THE black letters crudely painted on a wall at the entrance to the devastated town of Malam Fatori, in northeast Nigeria, spell out “God is great”—a calling card from the evicted Boko Haram fighters.
Niger and Chadian army troops, working together in support of Nigerian forces, recaptured the town on Tuesday to find grocery stores vandalised, smoke-blackened walls and motorbikes and wheelbarrows lying abandoned on the ground.
Silence reigns in the clay-built houses of the desert town which has become a virtual ghost town, with only a few stray cattle roaming the streets.
Suddenly a gaunt old man in a long ochre-coloured robe appears from behind a burnt-out house.
When the Islamist fighters saw the troops arrive “they drove us out of our homes and burnt everything down before fleeing,” he said, speaking in the regional Hausa language. “They didn’t want to leave anything behind.”
Stalls at the nearby market, once the nerve centre of this trading post less than four kilometres (three miles) from the Niger border, stand empty, their contents all looted.
‘Group of naked women’
Boko Haram attacks and suicide bombings in northeast Nigeria have claimed more than 13,000 lives since 2009.
The militant group has moved beyond Nigeria’s borders in recent months, staging increasingly brazen attacks in Chad, Cameroon and Niger that have prompted Nigeria’s neighbours to launch a joint military offensive in response.
The regional fightback, concentrated in Nigerian border areas south of Lake Chad with Nigerian troops operating further inside the northeast, seems to have stopped the militants’ advance for now.
Almost all of the 30,000 residents of Malam Fatori left the town when Boko Haram fighters seized it last November.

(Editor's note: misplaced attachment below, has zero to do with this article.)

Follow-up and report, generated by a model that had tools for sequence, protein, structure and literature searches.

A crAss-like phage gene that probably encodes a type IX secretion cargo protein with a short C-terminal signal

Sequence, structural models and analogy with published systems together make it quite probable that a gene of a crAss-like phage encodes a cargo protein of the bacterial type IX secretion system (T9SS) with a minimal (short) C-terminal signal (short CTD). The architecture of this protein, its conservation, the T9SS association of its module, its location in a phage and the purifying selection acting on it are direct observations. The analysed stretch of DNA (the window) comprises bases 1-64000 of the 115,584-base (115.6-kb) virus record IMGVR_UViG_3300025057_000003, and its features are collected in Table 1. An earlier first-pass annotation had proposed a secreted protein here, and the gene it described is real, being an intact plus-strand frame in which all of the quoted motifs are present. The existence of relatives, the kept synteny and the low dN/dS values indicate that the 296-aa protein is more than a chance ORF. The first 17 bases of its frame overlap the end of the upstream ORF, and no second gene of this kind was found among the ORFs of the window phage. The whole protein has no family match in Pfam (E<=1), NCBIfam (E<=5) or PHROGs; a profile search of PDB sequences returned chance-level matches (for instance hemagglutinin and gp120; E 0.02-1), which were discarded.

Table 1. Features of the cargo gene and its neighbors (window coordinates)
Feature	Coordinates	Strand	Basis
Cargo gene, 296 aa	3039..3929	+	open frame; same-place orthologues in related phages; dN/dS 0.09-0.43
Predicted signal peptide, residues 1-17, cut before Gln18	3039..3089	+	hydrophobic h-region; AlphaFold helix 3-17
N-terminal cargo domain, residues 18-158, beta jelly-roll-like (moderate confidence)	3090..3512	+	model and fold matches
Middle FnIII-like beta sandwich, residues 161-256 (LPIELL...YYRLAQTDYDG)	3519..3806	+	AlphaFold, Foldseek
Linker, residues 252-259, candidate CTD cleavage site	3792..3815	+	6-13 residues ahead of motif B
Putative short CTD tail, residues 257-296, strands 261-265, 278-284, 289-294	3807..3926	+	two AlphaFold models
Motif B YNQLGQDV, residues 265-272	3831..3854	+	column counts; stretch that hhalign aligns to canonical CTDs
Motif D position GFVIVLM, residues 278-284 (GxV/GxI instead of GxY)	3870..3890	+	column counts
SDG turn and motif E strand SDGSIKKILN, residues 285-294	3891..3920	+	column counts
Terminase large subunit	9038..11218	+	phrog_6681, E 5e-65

“Me, I couldn’t go, I’m too old and too sick,” the wheezing old man told AFP.
A few women and children were forced to live with the insurgents for almost five months.
“We had to ask their permission for everything. They watched all our comings and goings,” he said of the Boko Haram insurgents.
When troops of the Chad-Niger military alliance arrived in Malam Fatori on Tuesday the Islamists had already left and the town was retaken without a shot being fired.
Local shepherds saw Boko Haram fighters leave with “a group of naked women,” said a Niger soldier on patrol in the recaptured town.
“This is a common tactic to prevent women from escaping, they were totally undressed. We found a lot of women’s clothes,” he added.
The day after the troops moved in, an army patrol on “mopping up” operations some 10 kilometres from the town was ambushed by Boko Haram rebels, one young soldier explained.
The official death toll was one Niger and nine Chadian soldiers along with around 150 of the Islamist insurgents.
The soldiers in the Chad-Niger alliance, fearing more insurgent attacks, have “planted mines everywhere” in Malam Fatori, and are camped a few hundred metres from the entrance to the town, their tanks, heavy artillery and gun-mounted jeeps creating an imposing deterrent.
“These people are concealing themselves for an attack, to carry out small ambushes… but our forces have been on high alert and we’ve neutralised them,” said Chadian army Chief of Staff Brahim Seid, on a visit to congratulate the soldiers on their battlefield achievements.
The soldiers also recovered dozens of Kalashnikov rifles—some carrying the “NA” Nigerian army logo—as well rocket launchers and 12.7 calibre machine guns.
Malam Fatori was “the biggest stronghold of Boko Haram in northern Nigeria and it was imperative to destroy that,” General Seid added.
Chadian and Niger troops made the town a primary target once they entered Nigeria on March 8, marking the start of foreign military operations on the home territory of the Islamist sect.
“It is now for our Nigerian partner… to take possession” of the towns recaptured from Boko Haram, said Niger army chief Seyni Garba.
With his Chadian counterpart, he called for greater “coordination” with Nigeria, stressing that the Chad-Niger joint force does “not intend to occupy” these areas.
Nigeria’s President-elect Muhammadu Buhari on Wednesday vowed to rid Nigeria of the “terror” of Boko Haram after an historic election victory late last month which marked the first democratic transfer of power in Africa’s most populous nation.